Mississippi is not my favorite state in the Union. If I didn't have to cross Mississippi to drive along the Gulf Coast to get to Florida, I’d have no reason to ever go there. Like most Louisianans, I am, however, frequently thankful that Mississippi exists.
Mississippi is not my favorite state in the Union.
If I didn't have to cross Mississippi to drive along the Gulf Coast to get to Florida, I’d have no reason to ever go there.
Like most Louisianans, I am, however, frequently thankful that Mississippi exists.
Whenever a new study or survey comes out ranking the states in categories from overall health to obesity to computer literacy, Louisiana would rank dead last much more often if not for our magnolia-loving neighbors to the east.
When a study proclaims Louisiana the second most obese state and Mississippi is ranked No. 1, everyone from Britney Spears to Louisiana Gov. Bobby Jindal breathes a sigh of relief.
Thank goodness for Mississippi, or we would be the fattest state in the country.
We’re kidding, course. Mississippi has as many good people per capita as any other state including Alaska, California, New York and Louisiana.
In fact, right now, in a least one aspect of its public school system, Mississippi has gone to the head of the class in America.
It is the first state to require that civil rights history be taught in public schools.
Starting next fall, Mississippi Senate Bill 2718 mandates that civil rights education be taught to all kids from kindergarten to 12th grade. This year, pilot programs have begun and teachers are attending workshops to prepare for the new curriculum.
Some people will argue that Mississippi ought to be the first state, given its damning history of racism, which includes the lynching of a 14-year-old black boy at a grocery store in McComb in 1955.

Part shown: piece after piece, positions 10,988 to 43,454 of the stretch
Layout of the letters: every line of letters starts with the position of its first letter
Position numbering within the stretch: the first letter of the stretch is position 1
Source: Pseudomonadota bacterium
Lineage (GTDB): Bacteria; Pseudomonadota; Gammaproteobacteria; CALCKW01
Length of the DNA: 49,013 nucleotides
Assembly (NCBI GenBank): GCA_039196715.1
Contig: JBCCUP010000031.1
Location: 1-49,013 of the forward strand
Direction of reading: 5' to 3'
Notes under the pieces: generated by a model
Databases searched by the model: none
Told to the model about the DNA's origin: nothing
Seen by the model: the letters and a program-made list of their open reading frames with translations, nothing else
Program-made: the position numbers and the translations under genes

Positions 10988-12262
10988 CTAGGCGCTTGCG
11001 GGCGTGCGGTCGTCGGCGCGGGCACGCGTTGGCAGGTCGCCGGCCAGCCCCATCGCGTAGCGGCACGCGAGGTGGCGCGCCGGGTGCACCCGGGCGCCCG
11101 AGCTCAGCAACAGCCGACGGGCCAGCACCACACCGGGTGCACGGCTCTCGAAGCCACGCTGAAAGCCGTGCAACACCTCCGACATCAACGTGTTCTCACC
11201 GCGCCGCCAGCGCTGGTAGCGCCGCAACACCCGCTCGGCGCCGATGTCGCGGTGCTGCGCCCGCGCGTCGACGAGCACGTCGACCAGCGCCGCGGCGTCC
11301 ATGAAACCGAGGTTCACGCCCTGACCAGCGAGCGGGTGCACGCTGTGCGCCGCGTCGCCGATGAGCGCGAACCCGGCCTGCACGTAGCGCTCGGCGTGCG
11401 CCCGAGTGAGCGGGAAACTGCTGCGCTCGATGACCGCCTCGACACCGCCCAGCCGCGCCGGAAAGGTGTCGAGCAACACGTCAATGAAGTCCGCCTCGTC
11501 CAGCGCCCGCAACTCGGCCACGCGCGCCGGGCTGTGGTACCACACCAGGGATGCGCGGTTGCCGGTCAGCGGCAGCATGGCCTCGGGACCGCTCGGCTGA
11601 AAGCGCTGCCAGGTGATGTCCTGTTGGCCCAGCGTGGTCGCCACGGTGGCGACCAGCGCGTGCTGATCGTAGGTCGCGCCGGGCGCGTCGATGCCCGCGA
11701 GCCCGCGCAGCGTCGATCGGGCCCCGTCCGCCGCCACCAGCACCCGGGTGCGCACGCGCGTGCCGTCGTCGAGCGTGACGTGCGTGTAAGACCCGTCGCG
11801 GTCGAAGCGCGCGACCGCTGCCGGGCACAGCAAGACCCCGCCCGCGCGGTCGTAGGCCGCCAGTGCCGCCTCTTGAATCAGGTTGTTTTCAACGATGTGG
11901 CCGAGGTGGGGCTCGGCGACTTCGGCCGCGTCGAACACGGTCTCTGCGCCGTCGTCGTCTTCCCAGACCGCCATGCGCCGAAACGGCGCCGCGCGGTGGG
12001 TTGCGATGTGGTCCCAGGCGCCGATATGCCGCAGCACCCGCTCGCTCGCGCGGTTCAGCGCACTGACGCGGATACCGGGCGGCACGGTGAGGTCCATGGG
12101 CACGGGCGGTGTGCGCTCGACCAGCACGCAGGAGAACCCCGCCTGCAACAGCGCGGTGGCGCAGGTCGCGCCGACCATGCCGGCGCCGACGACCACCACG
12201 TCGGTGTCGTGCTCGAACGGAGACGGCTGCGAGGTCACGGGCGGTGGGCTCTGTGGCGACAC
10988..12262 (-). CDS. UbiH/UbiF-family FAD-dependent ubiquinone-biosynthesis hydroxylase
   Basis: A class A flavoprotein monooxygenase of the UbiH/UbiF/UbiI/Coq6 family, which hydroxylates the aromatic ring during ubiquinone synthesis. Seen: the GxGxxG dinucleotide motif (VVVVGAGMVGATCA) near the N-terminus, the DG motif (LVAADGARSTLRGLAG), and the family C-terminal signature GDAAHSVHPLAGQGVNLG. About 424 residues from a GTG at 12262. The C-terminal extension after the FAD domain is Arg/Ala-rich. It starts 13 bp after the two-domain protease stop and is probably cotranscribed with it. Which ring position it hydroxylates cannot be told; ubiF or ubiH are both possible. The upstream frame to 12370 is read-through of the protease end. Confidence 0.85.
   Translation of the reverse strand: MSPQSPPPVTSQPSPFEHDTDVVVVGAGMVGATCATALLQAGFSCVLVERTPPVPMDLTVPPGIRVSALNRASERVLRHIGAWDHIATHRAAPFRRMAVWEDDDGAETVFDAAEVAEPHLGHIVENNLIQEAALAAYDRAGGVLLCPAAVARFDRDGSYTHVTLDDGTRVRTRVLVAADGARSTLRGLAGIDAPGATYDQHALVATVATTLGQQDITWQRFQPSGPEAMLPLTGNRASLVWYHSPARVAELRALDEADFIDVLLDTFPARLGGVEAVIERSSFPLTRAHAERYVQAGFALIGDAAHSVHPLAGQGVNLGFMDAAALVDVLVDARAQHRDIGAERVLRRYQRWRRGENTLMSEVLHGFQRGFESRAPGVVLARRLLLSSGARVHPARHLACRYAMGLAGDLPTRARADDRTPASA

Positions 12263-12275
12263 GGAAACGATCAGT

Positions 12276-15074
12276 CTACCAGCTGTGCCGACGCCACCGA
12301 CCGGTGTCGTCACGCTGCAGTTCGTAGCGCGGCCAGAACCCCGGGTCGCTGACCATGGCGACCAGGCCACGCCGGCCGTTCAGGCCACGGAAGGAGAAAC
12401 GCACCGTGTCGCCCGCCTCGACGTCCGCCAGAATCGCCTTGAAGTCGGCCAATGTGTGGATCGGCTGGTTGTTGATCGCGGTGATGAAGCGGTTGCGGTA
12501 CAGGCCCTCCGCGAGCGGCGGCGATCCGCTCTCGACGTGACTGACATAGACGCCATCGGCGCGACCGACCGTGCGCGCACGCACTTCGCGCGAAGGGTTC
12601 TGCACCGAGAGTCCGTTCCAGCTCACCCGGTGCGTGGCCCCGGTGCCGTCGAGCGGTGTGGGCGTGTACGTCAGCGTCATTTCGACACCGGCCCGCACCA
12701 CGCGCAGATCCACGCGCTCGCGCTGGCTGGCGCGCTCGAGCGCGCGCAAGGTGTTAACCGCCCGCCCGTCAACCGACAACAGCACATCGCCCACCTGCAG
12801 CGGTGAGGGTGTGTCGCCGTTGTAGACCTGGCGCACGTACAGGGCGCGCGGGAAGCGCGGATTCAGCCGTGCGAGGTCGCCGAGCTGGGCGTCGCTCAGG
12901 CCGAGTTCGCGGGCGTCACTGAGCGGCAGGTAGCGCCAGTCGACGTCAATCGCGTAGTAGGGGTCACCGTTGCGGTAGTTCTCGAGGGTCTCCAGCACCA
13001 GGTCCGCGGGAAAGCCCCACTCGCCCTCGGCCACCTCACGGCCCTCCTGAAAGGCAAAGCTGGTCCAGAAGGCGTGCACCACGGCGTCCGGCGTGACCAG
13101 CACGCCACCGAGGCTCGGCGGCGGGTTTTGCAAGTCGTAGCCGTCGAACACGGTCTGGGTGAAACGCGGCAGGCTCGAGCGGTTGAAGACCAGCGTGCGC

But the fact that Mississippi has begun the program is more important than whether it should.
Carrying out a program that displays your racial warts takes courage and more than a little collective soul searching. And you can be sure that not everyone is happy that the curriculum first taught at McComb High School is being offered statewide.
It will necessarily bring to light events and family involvements that some are not proud of seeing in public, and others might wish would go away without the painful reexamination process.
Like a lot of other states, Mississippi has seen progress in racial relations in some areas of the state, but not so much progress in other areas.
If the program is successful, it will help new generations of students in Mississippi learn about seminal events in their modern history that many know little about.
According to the teachers, a large proportion of Mississippi students do not even know about the Freedom Summer of 1964, when about 1,000 volunteers descended on the state to register black voters, who until then had been almost completely excluded from the polls.
It’s an event that all Americans should be aware of, especially Mississippians.
Under the new program, maybe now they will.
Wade McIntyre writes for the Weekly Citizen in Gonzales, La.